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Cecal Epiploic Appendagitis: A Diagnostic and Therapeutic Dilemma

September 15, 2007

By Patel, Vijaykumar G Rao, Arundathi; Williams, Reginald; Srinivasan, Radha; Et al

Acute epiploic appendagitis (EA) is a rare and often misdiagnosed cause of acute abdominal pain. Though a benign and often self- limiting condition, EA’s ability to mimic other disease processes makes it an important consideration in patients presenting with acute abdominal symptoms. Careful evaluation of abdominal CT scan findings is crucial in the accurate diagnosis of epiploic appendagitis, thus avoiding unnecessary surgical intervention. We report a case of a 29-year-old male presenting with a two day history of generalized abdominal pain. Physical exam revealed a diffusely tender abdomen with hypoactive bowel sounds. The patient had a leukocytosis of 18,000 and abdominal CT scan revealed right lower quadrant inflammatory changes suggestive of acute appendicitis. Laparoscopic exploration revealed an inflamed gangrenous structure adjacent to the ileocecal junction. Pathologic evaluation revealed tissue consistent with epiploic appendagitis. Retrospective review of the CT scan revealed a normal appearing appendiceal structure superolateral to the area of inflammation. The patient recovered uneventfully with resolving leukocytosis. We present a case of cecal epiploic appendagitis mimicking acute appendicitis and review the current literature on radiographic findings, diagnosis, and treatment of this often misdiagnosed condition. General surgeons should be aware of this self-limiting condition and consider this in the differential diagnosis. PRIMARY EPIPLOIC APPENDAGITIS (PEA) usually presents as an acute clinical condition that often mimics a surgical emergency. PEA is an uncommon condition and is due to appendix epiploica torsion or spontaneous venous thrombosis of its’ draining vein.1 Patients present with nonspecific symptoms that can mimic appendicitis, diverticulitis, ovarian torsion, gallbladder disease, ectopie pregnancy, colon cancer, mesenteric adenitis, duodenal ulcer, and, on rare occasions, pulmonary embolus.2,3 Failure to diagnose PEA results in an unnecessary surgical intervention and incurred hospital costs. Therefore, it is imperative to appropriately diagnose this self- limiting condition to avoid surgery and prevent furthermore unwarranted hospitalization.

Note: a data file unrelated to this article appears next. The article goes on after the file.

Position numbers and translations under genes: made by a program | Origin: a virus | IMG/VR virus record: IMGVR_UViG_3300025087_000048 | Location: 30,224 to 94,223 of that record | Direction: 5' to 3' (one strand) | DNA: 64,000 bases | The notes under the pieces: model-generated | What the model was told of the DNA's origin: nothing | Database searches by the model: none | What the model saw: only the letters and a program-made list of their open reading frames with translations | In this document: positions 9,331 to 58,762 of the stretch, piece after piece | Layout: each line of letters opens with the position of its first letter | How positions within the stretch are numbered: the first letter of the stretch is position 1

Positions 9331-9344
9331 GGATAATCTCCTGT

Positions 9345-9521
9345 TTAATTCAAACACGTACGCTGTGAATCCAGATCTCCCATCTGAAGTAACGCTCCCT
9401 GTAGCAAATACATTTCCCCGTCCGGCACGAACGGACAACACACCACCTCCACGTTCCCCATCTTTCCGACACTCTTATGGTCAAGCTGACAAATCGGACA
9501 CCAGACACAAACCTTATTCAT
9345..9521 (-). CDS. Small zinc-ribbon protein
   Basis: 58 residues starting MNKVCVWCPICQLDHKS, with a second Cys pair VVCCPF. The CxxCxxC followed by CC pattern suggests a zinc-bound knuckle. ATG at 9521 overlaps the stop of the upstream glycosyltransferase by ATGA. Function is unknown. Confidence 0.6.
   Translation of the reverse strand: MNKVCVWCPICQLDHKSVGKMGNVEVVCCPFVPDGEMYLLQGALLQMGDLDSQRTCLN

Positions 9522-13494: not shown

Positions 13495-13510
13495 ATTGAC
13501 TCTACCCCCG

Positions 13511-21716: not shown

Case Report

A 29-year-old male presented to the emergency department with a two-day history of generalized abdominal pain and constipation. The patient was tachycardie and tachypneic with a temperature of 102[degrees] F. Physical exam revealed a 400 pound obese male in moderate distress with a diffusely tender abdomen and hypoactive bowel sounds. A leukocytosis of 18,000 and a urinalysis was negative for bacteria, blood, and nitrites. CT scan revealed a normal seeming cecum. However, right lower quadrant inflammation and a small amount of free fluid in the pelvis was reported by the attending radiologist, as suggestive of acute appendicitis (Fig. 1). Laparoscopic exploration revealed an inflamed gangrenous structure adjacent to the ileocecal junction, which seemed to be the appendix.

Pathologic evaluation revealed tissue consistent with epiploic appendagitis. Retrospective review of the CT scan revealed a normal seeming appendiceal structure superolateral to the area of inflammation (Fig. 1). Postoperatively, the patient remained afebrile with resolving leukocytosis and was discharged home after two days.

Discussion